Customer Review

22 of 24 people found the following review helpful
1.0 out of 5 stars Duracell batteries not what they used to be, 27 Dec 2012
This review is from: Duracell MN1300 Plus Power D Size Batteries--Pack of 6 (Accessory)
I have used Duracell batteries for 3 decades because they never leaked and were guaranteed not to do so. However in the last 18 Months I have had Duracell batteries leak in a clock, a toy train and most recently a Wii controller. The Wii batteries where marked as good until 2018 and had only been in the controller for 6 months.

After researching this I have found many people have had Duracell batteries leak. After contacting Duracell I have also learned that they no longer guarantee their batteries against leaking.

Very disappointing given that Duracell have managed to consistently make batteries that don't leak for all these years.
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Tracked by 2 customers

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Showing 1-6 of 6 posts in this discussion
Initial post: 21 May 2013 07:15:44 BDT
I have to agree, having had some copper-top and Procell versions leak on me recently. I've had leaks with Panasonic too, so I'm not sure who's now the best.

In reply to an earlier post on 21 May 2013 18:54:45 BDT
S. Hayward says:
As far as I can see, no one offers a guarantee against leaking on alkaline batteries, although its incredible how many people still talk about Duracell having such a guarantee.

I now avoid all brands of alkaline batteries. I use Ansman, Uniross and Maha (LSD NimH) low discharge rechargeable batteries in most of my equipment as they are very unlikely to leak. They don't last as long as alkaline batteries but they are a lot better than rechargeable batteries used to be because they don't lose their charge so quickly when they are not in use. I keep spare ones ready charged so I can replace them immediately which works well. Even after 4 months there's no noticeable loss of charge.

In things like clocks, remote controls and torches I'm trying Energiser lithium batteries because they are apparently much less likely to leak than alkaline batteries.
To test it for myself I set up 2 sacrificial torches in January this year to see how the Energiser Lithiums perform. One has been in the unheated garage all this time and it still works with no leaks. The second one I deliberately left switched on, the batteries are flat but no leaks yet after nearly 5 months.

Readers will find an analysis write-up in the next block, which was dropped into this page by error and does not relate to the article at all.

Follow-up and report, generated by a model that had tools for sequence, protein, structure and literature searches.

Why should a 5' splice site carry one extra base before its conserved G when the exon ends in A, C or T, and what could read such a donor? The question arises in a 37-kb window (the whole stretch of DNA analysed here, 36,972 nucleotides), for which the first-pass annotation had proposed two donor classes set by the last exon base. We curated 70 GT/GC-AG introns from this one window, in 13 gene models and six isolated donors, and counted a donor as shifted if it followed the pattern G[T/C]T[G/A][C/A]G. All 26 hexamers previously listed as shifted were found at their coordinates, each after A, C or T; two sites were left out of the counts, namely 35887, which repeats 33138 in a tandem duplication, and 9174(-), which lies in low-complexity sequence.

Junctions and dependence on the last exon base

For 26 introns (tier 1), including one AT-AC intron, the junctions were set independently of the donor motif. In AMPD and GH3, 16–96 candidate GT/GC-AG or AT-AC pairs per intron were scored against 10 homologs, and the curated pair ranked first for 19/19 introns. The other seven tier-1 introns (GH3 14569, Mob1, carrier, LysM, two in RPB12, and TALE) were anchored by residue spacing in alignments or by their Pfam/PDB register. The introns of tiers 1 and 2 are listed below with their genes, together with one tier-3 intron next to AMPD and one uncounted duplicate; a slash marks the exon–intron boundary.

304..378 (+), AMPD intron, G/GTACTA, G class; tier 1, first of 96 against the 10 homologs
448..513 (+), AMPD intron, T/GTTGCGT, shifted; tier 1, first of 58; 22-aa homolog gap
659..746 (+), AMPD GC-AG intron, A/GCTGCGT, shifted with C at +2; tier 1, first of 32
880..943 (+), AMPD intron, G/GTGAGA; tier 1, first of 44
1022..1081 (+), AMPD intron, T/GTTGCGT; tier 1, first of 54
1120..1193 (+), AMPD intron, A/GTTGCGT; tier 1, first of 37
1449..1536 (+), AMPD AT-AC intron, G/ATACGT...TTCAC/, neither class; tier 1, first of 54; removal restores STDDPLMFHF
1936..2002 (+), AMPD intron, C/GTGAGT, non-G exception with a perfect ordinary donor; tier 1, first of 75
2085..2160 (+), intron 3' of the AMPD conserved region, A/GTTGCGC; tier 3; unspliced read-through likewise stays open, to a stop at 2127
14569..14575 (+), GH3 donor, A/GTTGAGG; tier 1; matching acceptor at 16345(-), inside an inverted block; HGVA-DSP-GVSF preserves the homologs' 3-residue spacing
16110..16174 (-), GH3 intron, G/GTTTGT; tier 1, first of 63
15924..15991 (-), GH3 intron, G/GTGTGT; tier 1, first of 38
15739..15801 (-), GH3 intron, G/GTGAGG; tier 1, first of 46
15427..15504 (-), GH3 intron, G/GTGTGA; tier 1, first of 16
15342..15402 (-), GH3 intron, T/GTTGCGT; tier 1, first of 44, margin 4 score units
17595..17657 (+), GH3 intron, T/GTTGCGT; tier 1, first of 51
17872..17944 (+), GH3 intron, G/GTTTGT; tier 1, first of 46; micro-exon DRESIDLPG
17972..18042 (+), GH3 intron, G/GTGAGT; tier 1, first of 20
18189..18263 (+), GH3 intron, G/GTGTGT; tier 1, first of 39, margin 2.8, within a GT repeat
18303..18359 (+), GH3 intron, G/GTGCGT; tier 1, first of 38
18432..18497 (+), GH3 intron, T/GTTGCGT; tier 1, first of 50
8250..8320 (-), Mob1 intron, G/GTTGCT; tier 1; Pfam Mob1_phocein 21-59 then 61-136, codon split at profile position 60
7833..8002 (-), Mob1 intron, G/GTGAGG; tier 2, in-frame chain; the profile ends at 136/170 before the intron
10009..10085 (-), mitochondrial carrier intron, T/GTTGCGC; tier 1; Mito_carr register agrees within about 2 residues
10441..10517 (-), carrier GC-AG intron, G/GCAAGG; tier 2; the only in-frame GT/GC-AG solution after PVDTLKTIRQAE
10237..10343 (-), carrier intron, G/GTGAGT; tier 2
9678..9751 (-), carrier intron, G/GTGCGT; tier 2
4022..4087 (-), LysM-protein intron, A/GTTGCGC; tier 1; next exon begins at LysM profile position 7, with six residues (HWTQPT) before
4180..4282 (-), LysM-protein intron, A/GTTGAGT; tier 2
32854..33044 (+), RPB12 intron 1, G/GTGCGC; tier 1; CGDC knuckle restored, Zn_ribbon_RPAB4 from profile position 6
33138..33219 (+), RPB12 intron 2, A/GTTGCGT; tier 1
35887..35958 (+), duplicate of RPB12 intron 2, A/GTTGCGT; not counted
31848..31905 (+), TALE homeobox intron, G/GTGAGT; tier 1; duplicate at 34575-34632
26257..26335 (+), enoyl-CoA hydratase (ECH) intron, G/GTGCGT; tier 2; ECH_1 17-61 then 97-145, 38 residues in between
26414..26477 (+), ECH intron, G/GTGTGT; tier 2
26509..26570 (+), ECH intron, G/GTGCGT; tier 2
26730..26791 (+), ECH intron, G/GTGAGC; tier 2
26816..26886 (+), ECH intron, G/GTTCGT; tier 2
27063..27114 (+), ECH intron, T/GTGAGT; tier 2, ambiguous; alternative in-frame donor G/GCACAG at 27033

In reply to an earlier post on 22 May 2013 06:27:55 BDT
Be wary with Lithium batteries as they can damage some equipment. Some manufacturers (ie. Alpkit) recommend against them: "Lithium batteries have a high output during discharge which means they can cause the torch to overheat and possibly damage electronics and LEDs."
Great in a camera, that has a 'Lithium' setting, but otherwise, care is advised.

In reply to an earlier post on 22 May 2013 10:38:47 BDT
S. Hayward says:
Thanks for that, Iv'e heard of early Li-ion batteries bursting into flames but wasn't aware of the overheating issue with Lithiums. I will watch out for that before using them in anything else. No problems so far so I guess I have been lucky.

In reply to an earlier post on 22 May 2013 19:18:21 BDT
Glad to help. Thanks in turn for the "Ansman, Uniross & Maha" info. I have Sanyo Eneloops in two cameras and swear by them, but wasn't aware that the other manufacturers had caught up. Perhaps that means goodbye to the alkalines for good! Here's hoping.

In reply to an earlier post on 22 May 2013 20:23:01 BDT
S. Hayward says:
If you are looking to replace all your alkalines then Ansman Maxe, Uniross Hybrio and Maha imedion are the low discharge versions.
I think the Ansmans and Mahas have a slight edge on the Uniross but I got the Uniross for half the price so they were great value.
Of the batteries I got the Uniross and Ansman AAs are 2400 and 2500 mah respectivly.
I also got Maha AAA, C and D batteries which are 950, 5000 and 9500 mah respectively.
After all the money I spent on them I hope they are at least as good as your Sanyos.
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